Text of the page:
North American municipalities – regardless of size or type – typically own and operate fleet vehicles to deliver municipal services. Waste and recycling collection vehicles usually top this list. On average, these municipal fleets can generate up to 20 per cent of a municipality’s total greenhouse gas (GHG) emissions and consume masses of fuel each year.
As a result, municipalities are being tasked to reduce the environmental impact of their fleet operations and are increasingly seeking to “green” their fleets with the use of alternative fuels, better operational fleet standards, new vehicle types and the implementation of fleet management technologies.
Municipalities leading this trend are already seeing measurable benefits in terms of cost savings from reduced fuel consumption, more efficient vehicles and optimized routing capabilities.
Green fleet plans
Green fleet plans focus on optimizing vehicle use and efficiency, and increasing the use of alternative fuels and sustainable technologies. According to the municipal and other industry groups, a green fleet plan could include:
- An onboard fleet management computing system that provides vehicle and driver oversight, tracks assets, uses alarms to monitor and reduce idling, identifies aggressive driving patterns, identifies vehicle maintenance problems, optimizes routing and collects the ECM codes so that engines can be repaired before problems escalate.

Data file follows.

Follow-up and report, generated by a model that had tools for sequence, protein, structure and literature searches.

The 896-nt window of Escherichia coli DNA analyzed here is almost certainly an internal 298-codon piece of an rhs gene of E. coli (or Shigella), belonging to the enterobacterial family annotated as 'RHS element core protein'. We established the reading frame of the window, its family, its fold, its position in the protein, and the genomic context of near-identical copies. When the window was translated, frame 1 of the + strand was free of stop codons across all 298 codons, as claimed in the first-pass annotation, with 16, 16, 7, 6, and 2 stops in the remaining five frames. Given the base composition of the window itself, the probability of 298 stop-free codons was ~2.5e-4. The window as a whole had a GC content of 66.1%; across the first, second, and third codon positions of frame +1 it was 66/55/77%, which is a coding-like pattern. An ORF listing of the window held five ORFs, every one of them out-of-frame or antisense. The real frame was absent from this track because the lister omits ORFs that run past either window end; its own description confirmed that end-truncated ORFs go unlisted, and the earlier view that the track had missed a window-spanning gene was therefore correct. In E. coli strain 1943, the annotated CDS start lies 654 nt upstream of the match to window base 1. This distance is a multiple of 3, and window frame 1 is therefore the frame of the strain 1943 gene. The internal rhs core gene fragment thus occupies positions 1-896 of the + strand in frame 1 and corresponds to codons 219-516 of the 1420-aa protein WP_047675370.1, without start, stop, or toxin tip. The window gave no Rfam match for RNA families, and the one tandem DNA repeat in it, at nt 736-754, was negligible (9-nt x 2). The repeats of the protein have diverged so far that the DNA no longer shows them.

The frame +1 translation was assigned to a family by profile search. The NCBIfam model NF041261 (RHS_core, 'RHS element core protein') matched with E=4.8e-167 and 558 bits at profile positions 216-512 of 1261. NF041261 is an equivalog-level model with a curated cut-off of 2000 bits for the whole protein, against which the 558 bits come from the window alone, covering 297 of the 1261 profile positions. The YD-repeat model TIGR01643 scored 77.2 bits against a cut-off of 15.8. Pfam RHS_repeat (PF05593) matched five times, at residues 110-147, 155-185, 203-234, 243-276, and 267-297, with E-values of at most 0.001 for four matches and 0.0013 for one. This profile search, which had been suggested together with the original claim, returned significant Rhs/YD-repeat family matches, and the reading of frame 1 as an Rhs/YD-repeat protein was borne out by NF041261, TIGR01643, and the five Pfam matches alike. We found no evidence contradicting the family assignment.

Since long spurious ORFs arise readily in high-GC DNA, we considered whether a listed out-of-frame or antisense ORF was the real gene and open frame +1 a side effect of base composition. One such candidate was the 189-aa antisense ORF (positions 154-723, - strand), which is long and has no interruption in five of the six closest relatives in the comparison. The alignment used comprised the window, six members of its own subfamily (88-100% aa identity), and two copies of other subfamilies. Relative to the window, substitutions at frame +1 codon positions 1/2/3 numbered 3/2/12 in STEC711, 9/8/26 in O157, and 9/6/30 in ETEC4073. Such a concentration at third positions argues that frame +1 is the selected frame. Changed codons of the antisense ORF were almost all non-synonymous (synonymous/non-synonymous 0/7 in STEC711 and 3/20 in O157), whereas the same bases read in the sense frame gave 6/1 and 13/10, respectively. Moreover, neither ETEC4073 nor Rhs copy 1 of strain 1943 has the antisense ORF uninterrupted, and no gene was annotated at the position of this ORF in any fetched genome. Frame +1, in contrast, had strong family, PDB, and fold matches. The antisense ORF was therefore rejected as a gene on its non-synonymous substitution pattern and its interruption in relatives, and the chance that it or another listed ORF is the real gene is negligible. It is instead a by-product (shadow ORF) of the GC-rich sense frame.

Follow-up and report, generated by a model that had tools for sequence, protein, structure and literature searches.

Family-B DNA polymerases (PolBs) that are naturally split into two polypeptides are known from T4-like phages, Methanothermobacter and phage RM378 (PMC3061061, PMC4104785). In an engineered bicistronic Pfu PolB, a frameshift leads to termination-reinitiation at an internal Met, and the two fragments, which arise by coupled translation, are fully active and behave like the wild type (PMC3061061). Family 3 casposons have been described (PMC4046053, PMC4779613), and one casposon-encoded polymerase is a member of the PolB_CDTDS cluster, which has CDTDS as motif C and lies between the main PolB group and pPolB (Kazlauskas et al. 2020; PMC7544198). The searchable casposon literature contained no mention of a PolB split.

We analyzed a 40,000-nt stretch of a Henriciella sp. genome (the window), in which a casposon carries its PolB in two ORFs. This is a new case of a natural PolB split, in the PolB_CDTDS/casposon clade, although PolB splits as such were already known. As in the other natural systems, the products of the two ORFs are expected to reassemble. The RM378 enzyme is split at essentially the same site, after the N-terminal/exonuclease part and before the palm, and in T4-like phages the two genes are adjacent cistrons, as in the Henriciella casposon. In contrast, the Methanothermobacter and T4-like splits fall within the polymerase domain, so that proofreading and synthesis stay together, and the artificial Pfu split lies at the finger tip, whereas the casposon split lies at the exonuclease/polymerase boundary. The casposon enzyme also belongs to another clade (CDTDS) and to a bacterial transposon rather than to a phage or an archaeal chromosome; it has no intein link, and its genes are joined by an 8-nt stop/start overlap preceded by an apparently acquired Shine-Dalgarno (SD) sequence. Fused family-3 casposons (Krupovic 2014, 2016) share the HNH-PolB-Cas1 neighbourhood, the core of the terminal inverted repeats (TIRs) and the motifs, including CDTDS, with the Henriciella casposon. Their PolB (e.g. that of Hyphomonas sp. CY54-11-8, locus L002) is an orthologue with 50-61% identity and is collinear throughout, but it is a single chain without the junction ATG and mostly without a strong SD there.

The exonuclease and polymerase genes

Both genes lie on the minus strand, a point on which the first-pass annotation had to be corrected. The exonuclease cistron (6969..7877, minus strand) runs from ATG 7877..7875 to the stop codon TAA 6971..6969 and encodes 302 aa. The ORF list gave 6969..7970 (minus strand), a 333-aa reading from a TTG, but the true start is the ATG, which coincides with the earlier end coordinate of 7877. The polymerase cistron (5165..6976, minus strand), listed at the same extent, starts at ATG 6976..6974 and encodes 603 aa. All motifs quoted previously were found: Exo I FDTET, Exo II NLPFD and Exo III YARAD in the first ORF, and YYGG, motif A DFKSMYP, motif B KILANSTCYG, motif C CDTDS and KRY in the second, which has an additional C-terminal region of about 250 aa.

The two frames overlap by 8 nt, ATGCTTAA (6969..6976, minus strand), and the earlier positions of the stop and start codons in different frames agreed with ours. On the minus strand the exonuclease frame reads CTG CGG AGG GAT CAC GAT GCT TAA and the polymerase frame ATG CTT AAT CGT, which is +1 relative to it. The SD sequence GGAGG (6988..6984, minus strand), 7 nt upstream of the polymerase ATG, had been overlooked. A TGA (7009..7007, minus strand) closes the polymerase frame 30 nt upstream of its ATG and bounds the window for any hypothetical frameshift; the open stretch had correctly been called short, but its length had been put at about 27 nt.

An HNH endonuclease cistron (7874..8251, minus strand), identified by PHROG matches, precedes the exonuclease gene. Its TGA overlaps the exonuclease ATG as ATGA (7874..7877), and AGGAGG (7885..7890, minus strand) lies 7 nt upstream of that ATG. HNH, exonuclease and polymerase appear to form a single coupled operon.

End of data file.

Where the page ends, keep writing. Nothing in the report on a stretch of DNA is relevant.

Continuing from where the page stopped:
- A preventive maintenance program that consists of tracking vehicle diagnostics via an onboard computer (OBC), and scheduled inspection and follow-up repairs to vehicles and equipment to reduce on-road breakdowns and excessive downtime.
- Training and educational programs designed to educate drivers about fuel-efficient driving practices as well as the effects that new technologies may have on them and their driving practices.
- Fleet management tools that monitor driver behavior to ensure more emissions-friendly driving approaches. New fleet mapping tools let fleet managers track drivers with precise geo-coding (GPS) of all data and events, determine how their vehicles are being handled, identify which drivers generated alarms and the location of these, monitor driver speed in relation to speed limits, and plot locations of alarm occurrences.
- The use of hybrid vehicles, such as diesel-electric or gasoline-electric.
- The use of alternative fuels, such as biodiesel, ethanol, or others.
Green fleets are not a lofty goal, but an economic and societal must. If your fleet is not managed effectively, you will use more fuel and generate unnecessary emissions and excess costs that impact your profitability and your community.